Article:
There are many preferences that travellers have when it comes to accommodation. Some people like hotels, Airbnbs or Couchsurfing. Myself, I like a good old hostel. It really is quite strange, because I’m an introvert. I know. Why would I put myself in that situation? Well, although being an introvert is something I am happy with, I know that it also causes me to put limitations on myself in certain situations. Staying in a hostel allows me to speak with people easily when I’m travelling. Now, there are a bunch of different kinds of hostels and not all are going to suit you. So, how do you pick a hostel to your individual taste?
Many people associate hostels with being a young person’s game. Although this is true to a certain extent, it is commonplace to see people of all different age groups at hostels. In this day and age, these places accommodate for every type of guest. All I really want to say is don’t let your age put you off staying in a hostel. Here are a few tips for finding the perfect hostel for you.
Don’t just go by the price
Hostels are beautifully cheap places to stay when you’re trying to spend less. However, remember that the cheapest ones are usually that cheap for a reason. I’m not a spring chicken anymore at the grand age of 31. There is no chance you’ll get me in a party hostel and these places are usually really cheap. Spending a couple of extra dollars per night on a hostel can make the world of difference when you want a decent night’s sleep. If that’s what you want, of course!
What do you want from the hostel?
If there are certain things you expect from a hostel, stick to it. Some things that I look out for are a quiet location, privacy curtains, lockers and free breakfast. For me, these are absolute must-haves. When browsing hostels, filter by the things you require and go from there. If you don’t want to stay in a mixed dorm, then filter by female dorms. I find that Booking.com and Hostelworld are really useful sites, because you can filter and sort as you wish.
Read the reviews!
Trust other travellers and read their reviews. They’re there for a reason and will help you immensely in making hostel decisions. I also sort by review score and read at least 10 reviews to get an idea of the things hostels are consistently good or bad at. Having a place you can go back to at the end of the day and feel completely comfortable is so important when travelling. If you’re travelling alone it makes it even more vital that you get an idea of the hostel’s security.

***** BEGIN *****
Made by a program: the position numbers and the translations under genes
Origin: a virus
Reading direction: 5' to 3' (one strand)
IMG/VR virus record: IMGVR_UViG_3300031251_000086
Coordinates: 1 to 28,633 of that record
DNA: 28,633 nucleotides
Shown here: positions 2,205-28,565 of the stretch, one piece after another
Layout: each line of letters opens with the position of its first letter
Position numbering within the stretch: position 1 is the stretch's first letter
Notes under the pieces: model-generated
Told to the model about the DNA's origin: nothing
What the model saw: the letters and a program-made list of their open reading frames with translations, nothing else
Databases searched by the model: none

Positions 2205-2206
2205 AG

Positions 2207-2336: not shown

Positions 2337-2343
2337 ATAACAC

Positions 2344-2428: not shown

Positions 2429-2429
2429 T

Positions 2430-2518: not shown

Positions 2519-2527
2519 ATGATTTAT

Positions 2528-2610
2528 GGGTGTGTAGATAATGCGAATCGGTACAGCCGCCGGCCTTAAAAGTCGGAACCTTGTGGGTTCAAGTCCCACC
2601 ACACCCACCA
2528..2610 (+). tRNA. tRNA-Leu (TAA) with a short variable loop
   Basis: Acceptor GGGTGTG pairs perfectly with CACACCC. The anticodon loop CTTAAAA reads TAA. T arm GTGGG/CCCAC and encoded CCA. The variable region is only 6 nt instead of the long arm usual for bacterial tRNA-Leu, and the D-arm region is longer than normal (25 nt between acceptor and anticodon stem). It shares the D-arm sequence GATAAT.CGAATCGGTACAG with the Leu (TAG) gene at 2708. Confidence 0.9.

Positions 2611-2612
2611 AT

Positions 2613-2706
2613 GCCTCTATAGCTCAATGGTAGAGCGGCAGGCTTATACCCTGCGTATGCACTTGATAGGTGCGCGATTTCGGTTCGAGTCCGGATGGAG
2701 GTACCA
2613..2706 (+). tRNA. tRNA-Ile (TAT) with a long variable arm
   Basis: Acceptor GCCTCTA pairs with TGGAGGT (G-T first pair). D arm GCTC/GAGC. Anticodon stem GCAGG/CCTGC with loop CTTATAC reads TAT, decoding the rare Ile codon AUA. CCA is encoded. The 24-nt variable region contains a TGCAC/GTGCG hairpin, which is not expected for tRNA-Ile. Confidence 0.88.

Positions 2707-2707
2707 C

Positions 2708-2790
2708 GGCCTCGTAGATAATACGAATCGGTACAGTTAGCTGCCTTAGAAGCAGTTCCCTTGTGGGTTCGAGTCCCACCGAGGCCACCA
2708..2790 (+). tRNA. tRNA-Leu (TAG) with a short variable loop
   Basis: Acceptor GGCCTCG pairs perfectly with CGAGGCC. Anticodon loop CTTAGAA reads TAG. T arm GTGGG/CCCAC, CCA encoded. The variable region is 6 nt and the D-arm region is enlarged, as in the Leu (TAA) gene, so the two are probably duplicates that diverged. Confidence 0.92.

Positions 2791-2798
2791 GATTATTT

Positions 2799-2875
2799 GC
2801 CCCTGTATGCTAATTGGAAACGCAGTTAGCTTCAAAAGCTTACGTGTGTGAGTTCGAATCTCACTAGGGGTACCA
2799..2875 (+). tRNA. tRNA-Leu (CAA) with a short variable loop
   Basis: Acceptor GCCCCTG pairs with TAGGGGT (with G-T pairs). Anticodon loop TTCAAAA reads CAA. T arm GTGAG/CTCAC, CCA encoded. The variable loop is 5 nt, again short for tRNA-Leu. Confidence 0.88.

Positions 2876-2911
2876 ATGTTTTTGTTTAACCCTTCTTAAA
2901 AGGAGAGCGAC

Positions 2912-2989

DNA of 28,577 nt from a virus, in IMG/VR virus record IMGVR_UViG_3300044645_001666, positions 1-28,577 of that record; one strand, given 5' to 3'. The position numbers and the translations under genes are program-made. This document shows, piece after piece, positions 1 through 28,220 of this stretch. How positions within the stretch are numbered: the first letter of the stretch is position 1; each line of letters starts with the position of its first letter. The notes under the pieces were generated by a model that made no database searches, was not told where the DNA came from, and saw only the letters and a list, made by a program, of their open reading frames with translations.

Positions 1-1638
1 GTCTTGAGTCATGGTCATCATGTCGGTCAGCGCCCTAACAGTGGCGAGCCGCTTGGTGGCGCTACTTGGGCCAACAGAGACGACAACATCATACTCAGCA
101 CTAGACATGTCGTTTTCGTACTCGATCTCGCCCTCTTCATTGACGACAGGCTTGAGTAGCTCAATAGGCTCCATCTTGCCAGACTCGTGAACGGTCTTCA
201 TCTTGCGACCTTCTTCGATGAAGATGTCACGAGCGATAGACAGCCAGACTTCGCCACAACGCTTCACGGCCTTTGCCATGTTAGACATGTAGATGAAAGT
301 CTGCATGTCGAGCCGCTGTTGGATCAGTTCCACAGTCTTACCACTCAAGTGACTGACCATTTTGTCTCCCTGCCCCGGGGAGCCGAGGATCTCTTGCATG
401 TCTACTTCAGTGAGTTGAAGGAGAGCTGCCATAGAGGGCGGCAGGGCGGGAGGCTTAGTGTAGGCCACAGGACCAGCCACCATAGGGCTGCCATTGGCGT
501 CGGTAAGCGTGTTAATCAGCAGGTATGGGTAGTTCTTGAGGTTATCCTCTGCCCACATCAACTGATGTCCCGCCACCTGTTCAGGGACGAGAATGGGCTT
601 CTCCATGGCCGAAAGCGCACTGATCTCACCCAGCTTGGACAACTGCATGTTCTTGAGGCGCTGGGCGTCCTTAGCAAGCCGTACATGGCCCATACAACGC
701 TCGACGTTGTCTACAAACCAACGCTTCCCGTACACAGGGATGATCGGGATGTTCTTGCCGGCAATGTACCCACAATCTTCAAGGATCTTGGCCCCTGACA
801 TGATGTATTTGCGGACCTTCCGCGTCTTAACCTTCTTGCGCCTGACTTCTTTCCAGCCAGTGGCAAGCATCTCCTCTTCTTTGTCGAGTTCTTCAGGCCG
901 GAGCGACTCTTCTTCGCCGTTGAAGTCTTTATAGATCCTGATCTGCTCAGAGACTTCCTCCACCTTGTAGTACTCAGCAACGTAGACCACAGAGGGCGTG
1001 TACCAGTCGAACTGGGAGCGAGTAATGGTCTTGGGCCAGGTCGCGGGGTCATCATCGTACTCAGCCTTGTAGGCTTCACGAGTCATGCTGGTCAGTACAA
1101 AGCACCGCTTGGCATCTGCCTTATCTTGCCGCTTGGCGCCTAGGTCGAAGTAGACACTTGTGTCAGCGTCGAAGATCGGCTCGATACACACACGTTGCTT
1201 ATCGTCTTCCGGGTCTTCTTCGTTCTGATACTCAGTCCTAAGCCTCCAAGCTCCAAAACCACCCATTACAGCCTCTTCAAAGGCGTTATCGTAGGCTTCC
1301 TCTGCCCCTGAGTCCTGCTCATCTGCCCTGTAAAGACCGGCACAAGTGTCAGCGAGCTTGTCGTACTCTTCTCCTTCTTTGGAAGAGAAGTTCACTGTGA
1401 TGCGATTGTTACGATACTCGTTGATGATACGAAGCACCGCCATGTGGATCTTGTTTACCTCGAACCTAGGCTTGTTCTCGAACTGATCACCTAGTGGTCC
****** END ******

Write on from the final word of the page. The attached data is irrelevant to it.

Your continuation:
A great thing to look out for is comments that the hosts/staff were extremely helpful. Having friendly people running a hostel makes so much difference to your stay. I remember staying at two different hostels in Kanchanaburi. At the first hostel I was the only guest and the owner would not even speak to me. It had a really negative impact on me, so I moved. At the next hostel, the people running it were amazing! They spoke to you all the time, took you out on a night time and knew how to make you feel welcome. I stayed at this hostel an extra 6 nights because of this! This level of professionalism in hospitality can make or break a hostel.
More on my all-time favourite hostel
The absolute best hostel I stayed in was Stamp Hostel in Kanchanaburi, Thailand. This is the hostel I mentioned above. The owner, Shane, and all of his staff were amazing. This is the perfect example, in my opinion, of how to run a hostel and make people feel welcome and relaxed. They were more than happy to accommodate you for any request and take you anywhere you needed. On top of that nightly activities were organised from night market trips to beer pong. I have to say that one of the things that surprised me most about this place was the beds! So many hostels have terrible mattresses and make for a difficult night’s sleep. The beds here were incredibly comfortable. I literally slept like a baby every single night.
I don’t usually make specific recommendations, but I can’t pass up on the opportunity to give these guys a mention. If you find yourself in Kanchanaburi hit this hostel up. You won’t regret it. It’s the perfect place to rest your head after busy days exploring the area.
These are some of the main things I look for when booking a hostel. Think about what is important to you when choosing a hostel and go from there. But remember; don’t ever compromise your safety for a couple of dollars a night. It’s just not worth the risk.
Whilst travelling, staying in hostels can offer fantastic opportunities to interact with people. Once you know the type of hostel you prefer, you’ll want to go back to them time and time again. When I travelled Southeast Asia, I stayed in hostels for the majority of my trip. For the most part the hostels were well above average and that is due, at least in part, to following the above guidelines when making hostel choices.
Enjoy your travels, make good hostel choices and meet amazing people along the way.